CBP Introduces Simplified Arrival at Minneapolis-St. Paul International Airport
MINNEAPOLIS, Minn.— U.S. Customs and Border Protection (CBP) announced today the implementation of Simplified Arrival at Minneapolis-St. Paul International Airport (MSP).
Simplified Arrival is an enhanced international arrival process that uses facial biometrics to automate the manual document checks that are already required for admission into the United States. Facial biometrics provide travelers with a touch-less process that further secures and streamlines international arrivals while fulfilling a longstanding congressional mandate to biometrically record the entry and exit of non-U.S. citizens.
“CBP is expanding the use of facial biometrics at Minneapolis–Saint Paul International Airport to provide travelers a safe, touchless international arrival process that further secures and modernizes air travel,” said Diane J. Sabatino, CBP Deputy Executive Assistant Commissioner for the Office of Field Operations. “Collaborating with partners like the Metropolitan Airports Commission has enabled CBP to deliver a secure, streamlined travel process that will enhance the customer experience and support the travel recovery efforts.”
“The roll out of Simplified Arrival at Minneapolis-St. Paul International Airport is an excellent example of CBP’s stakeholder engagement process to promote U.S. economic growth,” said Robert E White, CBP Director Field Operations – Chicago Field Office.
Simplified Arrival only uses the biometric facial comparison process at a time and place where travelers are already required by law to verify their identity by presenting a travel document. When travelers arrive at MSP on an international flight, they will pause for a photo at the primary inspection point. CBP’s biometric facial comparison process will compare the new photo of the traveler to a small gallery of high-quality images that the traveler has already provided to the government, such as passport and visa photos. In addition, foreign travelers who have traveled to the U.S. previously will no longer need to provide fingerprints as their identity will be confirmed through the touch-less facial comparison process.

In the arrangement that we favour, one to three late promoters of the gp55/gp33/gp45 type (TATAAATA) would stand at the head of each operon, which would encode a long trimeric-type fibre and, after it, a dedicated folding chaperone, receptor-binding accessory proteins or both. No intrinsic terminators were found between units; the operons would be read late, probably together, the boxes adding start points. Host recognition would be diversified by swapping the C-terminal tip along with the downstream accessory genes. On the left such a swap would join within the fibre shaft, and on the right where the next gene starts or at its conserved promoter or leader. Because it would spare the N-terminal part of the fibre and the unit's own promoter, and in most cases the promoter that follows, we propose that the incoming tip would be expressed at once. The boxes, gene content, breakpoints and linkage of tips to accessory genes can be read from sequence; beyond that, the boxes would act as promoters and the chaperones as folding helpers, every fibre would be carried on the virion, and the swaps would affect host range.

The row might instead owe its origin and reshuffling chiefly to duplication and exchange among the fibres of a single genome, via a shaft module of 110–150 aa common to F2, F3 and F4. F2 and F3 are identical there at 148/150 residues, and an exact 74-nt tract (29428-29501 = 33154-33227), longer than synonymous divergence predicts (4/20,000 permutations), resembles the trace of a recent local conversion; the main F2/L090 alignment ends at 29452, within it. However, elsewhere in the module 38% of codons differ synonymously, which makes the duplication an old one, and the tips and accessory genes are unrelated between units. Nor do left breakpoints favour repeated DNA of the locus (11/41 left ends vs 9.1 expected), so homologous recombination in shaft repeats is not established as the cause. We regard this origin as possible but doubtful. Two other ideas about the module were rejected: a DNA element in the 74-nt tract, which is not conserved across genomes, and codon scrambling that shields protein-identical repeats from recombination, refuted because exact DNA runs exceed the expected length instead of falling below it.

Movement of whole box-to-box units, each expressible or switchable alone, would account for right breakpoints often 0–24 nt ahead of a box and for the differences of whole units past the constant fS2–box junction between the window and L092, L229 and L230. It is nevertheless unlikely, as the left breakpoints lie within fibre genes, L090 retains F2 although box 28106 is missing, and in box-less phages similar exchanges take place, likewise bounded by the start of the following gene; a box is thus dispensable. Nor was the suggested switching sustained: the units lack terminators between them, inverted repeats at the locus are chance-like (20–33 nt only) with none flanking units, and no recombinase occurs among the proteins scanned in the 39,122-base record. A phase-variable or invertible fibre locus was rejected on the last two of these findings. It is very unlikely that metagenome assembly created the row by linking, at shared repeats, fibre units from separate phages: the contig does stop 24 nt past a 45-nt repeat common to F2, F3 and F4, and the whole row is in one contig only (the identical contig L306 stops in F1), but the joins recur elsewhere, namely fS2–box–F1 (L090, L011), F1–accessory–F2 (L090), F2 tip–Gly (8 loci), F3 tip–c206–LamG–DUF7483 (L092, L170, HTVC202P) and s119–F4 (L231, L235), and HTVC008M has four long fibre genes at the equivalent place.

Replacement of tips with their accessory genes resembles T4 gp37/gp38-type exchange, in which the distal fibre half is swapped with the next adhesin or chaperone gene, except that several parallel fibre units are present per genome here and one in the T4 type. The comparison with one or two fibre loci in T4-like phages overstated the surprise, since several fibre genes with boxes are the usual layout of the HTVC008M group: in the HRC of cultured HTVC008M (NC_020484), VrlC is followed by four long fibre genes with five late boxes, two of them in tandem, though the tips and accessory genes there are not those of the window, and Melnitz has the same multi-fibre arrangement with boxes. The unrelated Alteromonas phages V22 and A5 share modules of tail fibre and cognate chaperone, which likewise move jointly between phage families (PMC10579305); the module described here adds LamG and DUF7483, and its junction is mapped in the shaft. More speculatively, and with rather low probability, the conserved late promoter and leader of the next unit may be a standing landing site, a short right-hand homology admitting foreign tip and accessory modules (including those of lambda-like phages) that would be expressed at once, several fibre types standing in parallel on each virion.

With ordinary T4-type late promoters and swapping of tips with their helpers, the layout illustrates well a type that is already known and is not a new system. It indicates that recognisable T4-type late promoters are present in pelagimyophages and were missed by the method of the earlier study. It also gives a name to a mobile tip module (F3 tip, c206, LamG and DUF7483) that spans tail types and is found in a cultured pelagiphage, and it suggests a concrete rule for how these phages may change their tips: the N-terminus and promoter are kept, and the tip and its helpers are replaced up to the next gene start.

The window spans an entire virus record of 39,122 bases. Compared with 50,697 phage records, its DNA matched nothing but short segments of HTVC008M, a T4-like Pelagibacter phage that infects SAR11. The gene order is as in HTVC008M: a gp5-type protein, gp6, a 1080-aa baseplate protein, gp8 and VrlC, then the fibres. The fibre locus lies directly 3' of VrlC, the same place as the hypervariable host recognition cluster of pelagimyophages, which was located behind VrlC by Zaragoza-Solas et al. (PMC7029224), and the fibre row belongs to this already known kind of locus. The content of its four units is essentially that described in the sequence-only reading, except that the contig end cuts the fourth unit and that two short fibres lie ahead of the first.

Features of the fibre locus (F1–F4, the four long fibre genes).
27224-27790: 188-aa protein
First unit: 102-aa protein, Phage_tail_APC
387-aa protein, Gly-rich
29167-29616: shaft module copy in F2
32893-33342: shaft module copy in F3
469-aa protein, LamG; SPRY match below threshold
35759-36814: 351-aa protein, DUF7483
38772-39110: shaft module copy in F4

Simplified Arrival pairs one of the industry’s highest ranked facial comparison algorithms (as assessed by the National Institute of Standards and Technology) with trained CBP officers who are skilled at verifying the authenticity of travel documents. If a traveler cannot be matched to a photo on record using the Simplified Arrival process, the traveler will proceed through the traditional inspection process consistent with existing requirements for entry into the United States.
Travelers who wish to opt out of the new biometric process may notify a CBP officer as they approach the primary inspection point. These travelers will be required to present a valid travel document for inspection by a CBP officer and they will be processed consistent with existing requirements for admission into the United States.
CBP is committed to its privacy obligations and has taken steps to safeguard the privacy of all travelers. CBP has employed strong technical security safeguards and has limited the amount of personally identifiable information used in the facial biometric process. New photos of U.S. citizens will be deleted within 12 hours. Photos of most foreign nationals will be stored in a secure Department of Homeland Security system.
CBP and its air travel partners are expanding the use of facial biometrics through public-private partnerships to not only fulfill the Congressional security mandate, but also to further secure and enhance touch-less travel wherever identity verification is required for international travel. The Simplified Arrival process complements facial biometric boarding to further secure and enhance the customer experience.
To date, more than 60 million travelers have participated in the biometric facial comparison process at air, land and sea ports of entry. Since September 2018, CBP has leveraged facial biometrics to prevent nearly 350 imposters from illegally entering the United States by using genuine travel documents that were issued to other people.
More information about CBP’s efforts to secure and streamline travel through facial biometrics is available here.